For Pete’s Sake Day (February 26) celebrates one example of a ‘minced oath’, where an offensive word or phrase is substituted by something more acceptable in society. Other examples include ‘For crying out loud!’, and “Sugar!”. Such euphemisms have been used for centuries whenever people hit thumbs with hammers, burn hands on hot plates, or sit on sharp things while in polite company. Or when having an absolutely sucky day.
Have you ever experienced a day that started out OK, then gradually went downhill until you finally got back home? I am switching from a desktop computer to a laptop and I decided to go shopping today. On the bus. I went the wrong way on the first bus, then I went too far in the opposite direction, then I still had to walk 5 blocks to get to my destination. Once there, I waited for someone to help me, after one brief encounter, I waited another thirty minutes and gave up. I did not buy my laptop. I decided to treat myself to Mexican food for lunch. Thirty minutes after I ordered, the food had not arrived, so after having eaten on a few chips and salsa, I left to catch the bus back home. On my way back to the bus (5 blocks), I started crying. I mean, for Pete’s sake, why is this happening to me? Only I wasn’t thinking “for Pete’s sake.”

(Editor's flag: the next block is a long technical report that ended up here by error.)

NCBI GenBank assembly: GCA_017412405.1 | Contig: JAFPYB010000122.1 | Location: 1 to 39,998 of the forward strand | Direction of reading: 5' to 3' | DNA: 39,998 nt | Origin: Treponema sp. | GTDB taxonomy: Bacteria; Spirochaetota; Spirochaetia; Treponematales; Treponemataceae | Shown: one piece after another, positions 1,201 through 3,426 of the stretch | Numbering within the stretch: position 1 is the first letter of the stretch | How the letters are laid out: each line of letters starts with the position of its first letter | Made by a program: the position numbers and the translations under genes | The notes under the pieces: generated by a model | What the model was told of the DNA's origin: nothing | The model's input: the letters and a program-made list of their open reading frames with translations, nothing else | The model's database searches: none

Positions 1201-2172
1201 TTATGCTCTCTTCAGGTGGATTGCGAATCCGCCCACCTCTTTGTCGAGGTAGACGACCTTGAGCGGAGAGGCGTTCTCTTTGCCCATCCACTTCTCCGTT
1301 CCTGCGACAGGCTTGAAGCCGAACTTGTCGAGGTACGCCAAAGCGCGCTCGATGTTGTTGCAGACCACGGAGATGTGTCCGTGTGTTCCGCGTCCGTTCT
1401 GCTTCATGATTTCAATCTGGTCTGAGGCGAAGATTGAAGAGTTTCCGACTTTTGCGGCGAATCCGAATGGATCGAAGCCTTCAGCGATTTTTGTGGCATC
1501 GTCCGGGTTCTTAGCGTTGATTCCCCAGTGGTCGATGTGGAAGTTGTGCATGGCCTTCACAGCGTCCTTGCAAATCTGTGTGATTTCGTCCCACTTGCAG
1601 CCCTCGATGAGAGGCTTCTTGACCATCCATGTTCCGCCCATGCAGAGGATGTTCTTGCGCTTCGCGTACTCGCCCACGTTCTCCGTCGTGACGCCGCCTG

Yesterday, I commented on a post with which I was at odds, and someone replied to my comment by saying, Boo Hoo!
I thought about this today as I was walking and crying and it made me laugh out loud. The fact that someone really doesn’t care about my “issues”, and doesn’t mind telling me, is funny. Which is good for me. I am reminded that sh*t happens to everyone, and, of course, now that I have laughed, I feel much better.
I have attached a Youtube video of my father, Eddie Green, and a lady by the name of Billie Wilson. The song “I’m Sorry For It Now”, was written by Eddie in 1924. I spent a little time researching Billie Wilson, but all I could find out is that she made one recording for Paramount (this one), and that her full name, according to the October 4, 1924 issue of the Chicago Defender, was Zora (Billie) Wilson. The lady in this song is totally having her own issue. Enjoy!